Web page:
Creating the Seville 2009 ant habitat

Firstly the 10m*10m experimental area was divided into a 1m*1m grid using metallic markers.  This allowed the layout of grass tussock and bushes to be mapped onto squared  paper . This mapping provided the 2D position of all vegetation but not their heights.

Seville 2009 field site with 10m*10m being marked out
Seville 2009 field site with 10m*10m being marked out

Thus a  database of panoramic images was collected from which the height of grass tussocks could be measured. A custom wireless panoramic camera system was constructed for this purpose (see image below). Images were captured on a 50cm*50cm grid (after alignment and levelling) to a concealed wirelessly-connected laptop (Hauppauge WinTV-HVR system). In total, 424 images were sampled within the 10m*10m test area.  Images were then unwrapped (1ᵒ resolution, 360ᵒ azimuth, 0ᵒ to 45ᵒ elevation) using the OCamCalib Toolbox for MATLAB [1]. By referencing the 2D map decribed above, and with knowledge of the alignement of the camera, all grass tussocks visible in the panoramic image database were manually lablled.  All tussocks were identified at least once, with many visible in multiple images.  The outcome being a list of heights for each tussock as viewed from different perspectives (image locations). The highest point of each tussock in each image was manually recorded, and a simple trigonometric transform (possible as the distance from camera to centre of tussock and angle of elevation are known ) was used calculate the height of each tussock (see [2] for more details).

Custom wireless camera used to recorded image database
Custom wireless camera used to recorded image database

The data described above provided sufficient information to construct a geometrically accurate simulated environment. To this end we utilised the Matlab-based world building methodology described in [3], which generates natural looking tussocks from a cluster of black triangles. In our world triangles were constrained to emerge from within the mapped tussocks and projected upwards to a mean height from the measurements above with some noise. Triangles were oriented vertically, and the angle of elevation sampled from a normal distribution.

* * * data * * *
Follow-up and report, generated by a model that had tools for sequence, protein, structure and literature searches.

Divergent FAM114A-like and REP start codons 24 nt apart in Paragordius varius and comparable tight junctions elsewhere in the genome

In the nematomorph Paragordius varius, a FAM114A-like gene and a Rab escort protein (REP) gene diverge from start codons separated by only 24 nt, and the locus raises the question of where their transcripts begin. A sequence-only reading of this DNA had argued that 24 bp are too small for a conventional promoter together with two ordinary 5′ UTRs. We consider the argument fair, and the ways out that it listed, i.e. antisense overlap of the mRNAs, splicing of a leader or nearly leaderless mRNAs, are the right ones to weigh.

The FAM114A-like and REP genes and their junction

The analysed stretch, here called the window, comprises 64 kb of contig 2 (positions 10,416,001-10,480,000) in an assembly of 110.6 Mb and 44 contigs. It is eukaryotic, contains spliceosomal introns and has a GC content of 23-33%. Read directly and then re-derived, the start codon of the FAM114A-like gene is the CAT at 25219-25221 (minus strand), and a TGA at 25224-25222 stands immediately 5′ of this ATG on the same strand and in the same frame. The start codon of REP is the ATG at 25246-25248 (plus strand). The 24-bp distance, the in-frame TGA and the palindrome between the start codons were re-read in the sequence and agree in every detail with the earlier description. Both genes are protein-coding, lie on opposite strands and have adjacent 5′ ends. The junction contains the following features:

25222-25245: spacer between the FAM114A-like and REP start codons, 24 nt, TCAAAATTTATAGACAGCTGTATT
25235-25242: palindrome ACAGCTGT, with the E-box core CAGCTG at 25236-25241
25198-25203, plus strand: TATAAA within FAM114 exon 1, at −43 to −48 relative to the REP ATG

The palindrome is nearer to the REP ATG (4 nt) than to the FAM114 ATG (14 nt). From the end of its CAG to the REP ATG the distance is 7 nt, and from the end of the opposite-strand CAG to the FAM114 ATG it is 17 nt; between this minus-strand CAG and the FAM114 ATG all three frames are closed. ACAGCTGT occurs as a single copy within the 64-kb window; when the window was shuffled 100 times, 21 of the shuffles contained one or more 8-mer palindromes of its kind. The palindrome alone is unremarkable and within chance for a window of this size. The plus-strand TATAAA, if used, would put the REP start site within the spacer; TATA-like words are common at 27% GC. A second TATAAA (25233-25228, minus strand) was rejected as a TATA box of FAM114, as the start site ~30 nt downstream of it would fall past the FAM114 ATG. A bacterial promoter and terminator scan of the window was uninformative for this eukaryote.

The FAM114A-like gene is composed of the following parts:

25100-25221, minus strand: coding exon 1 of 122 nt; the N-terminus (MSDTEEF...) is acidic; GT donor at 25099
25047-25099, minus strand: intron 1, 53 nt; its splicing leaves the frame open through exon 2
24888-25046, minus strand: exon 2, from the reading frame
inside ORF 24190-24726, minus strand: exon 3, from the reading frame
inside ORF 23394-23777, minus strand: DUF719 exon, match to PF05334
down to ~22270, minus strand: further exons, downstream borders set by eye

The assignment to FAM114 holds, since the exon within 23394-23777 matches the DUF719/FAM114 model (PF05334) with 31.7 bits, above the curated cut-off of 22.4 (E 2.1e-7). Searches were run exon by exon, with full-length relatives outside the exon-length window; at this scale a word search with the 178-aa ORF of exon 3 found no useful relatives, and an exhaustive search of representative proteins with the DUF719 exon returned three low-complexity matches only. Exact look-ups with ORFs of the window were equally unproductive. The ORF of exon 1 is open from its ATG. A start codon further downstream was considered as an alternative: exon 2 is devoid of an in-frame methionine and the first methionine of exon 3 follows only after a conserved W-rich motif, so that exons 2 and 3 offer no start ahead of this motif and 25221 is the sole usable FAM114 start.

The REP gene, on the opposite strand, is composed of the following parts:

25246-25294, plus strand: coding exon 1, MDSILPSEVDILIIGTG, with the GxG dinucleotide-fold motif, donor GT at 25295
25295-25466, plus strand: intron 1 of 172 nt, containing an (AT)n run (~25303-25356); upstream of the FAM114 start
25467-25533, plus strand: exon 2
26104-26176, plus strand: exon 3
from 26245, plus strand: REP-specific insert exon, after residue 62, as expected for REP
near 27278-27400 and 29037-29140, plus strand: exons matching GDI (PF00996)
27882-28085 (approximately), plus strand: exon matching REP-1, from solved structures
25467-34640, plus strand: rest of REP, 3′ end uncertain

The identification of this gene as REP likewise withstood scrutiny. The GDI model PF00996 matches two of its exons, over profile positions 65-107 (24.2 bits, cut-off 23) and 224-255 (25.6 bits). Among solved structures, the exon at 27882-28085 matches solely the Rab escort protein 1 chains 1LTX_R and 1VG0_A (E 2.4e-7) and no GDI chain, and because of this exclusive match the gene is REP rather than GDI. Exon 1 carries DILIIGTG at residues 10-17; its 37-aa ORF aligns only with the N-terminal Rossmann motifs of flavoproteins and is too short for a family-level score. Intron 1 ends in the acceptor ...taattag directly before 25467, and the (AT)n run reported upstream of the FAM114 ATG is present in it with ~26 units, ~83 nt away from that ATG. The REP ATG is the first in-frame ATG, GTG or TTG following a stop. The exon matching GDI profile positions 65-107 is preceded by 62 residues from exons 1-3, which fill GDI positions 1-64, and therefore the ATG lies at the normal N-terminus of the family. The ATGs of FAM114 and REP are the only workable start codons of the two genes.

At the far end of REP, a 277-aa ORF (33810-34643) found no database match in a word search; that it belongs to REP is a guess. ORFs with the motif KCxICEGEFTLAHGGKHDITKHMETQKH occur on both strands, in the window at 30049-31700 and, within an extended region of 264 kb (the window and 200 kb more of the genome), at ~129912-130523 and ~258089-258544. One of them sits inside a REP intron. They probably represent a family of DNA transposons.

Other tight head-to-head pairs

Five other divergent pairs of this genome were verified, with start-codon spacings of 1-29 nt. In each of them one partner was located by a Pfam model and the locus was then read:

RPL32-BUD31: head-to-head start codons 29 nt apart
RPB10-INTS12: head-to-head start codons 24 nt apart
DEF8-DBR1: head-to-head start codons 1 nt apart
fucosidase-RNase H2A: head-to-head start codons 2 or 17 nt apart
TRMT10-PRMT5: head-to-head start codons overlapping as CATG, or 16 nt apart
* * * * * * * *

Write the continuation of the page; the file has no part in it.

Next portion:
Finally the we added realistic colouring of tussocks. The model simulates the spectral content of the world using by modelling the visible light photoreceptor of the ant eye [4] which makes up the majority of the central and lower visual field. A photographic image database of the field site at a level of 5cm from the ground was created during our 2012 field study using a specially adapted camera which could capture UV as well as the visible wavelengths of light. Using a bandpass filter (Schott BG18) with a range 415nm to 575nm and a peak transmittance at 515nm, a gray scale image approximates the photoreceptor response. The distribution of gray scale values from a random selection of images was then used to calculate a mean and standard deviation for the visible light component of the scene. In turn these values were used to create for every polygon a random value in the green channel of RGB space.

The complete world is generated from 5000 triangles randomly distributed across the 234 tussocks which produced an optimal trade-off between view authenticity and speed of image rendering. The final 3D environment plus rendering code can be downloaded at AntNavigationChallenge.

References

[1] Scaramuzza, Davide, Agostino Martinelli, and Roland Siegwart. “A toolbox for easily calibrating omnidirectional cameras.” Intelligent Robots and Systems, IEEE/RSJ International Conference on. IEEE, (2006).

[2] Mangan, Michael. “Visual homing in field crickets and desert ants: A comparative behavioural and modelling study.” Ph.D. Thesis, University of Edinburgh (2011).

[3] Baddeley, Bart, Paul Graham, Philip Husbands, and Andrew Philippides. “A model of ant route navigation driven by scene familiarity.” PLoS Comput Biol 8, no. 1 (2012): e1002336.

[4] Mote, Michael I., and Rüdiger Wehner. “Functional characteristics of photoreceptors in the compound eye and ocellus of the desert ant, Cataglyphis bicolor.” Journal of comparative physiology 137.1 (1980): 63-71.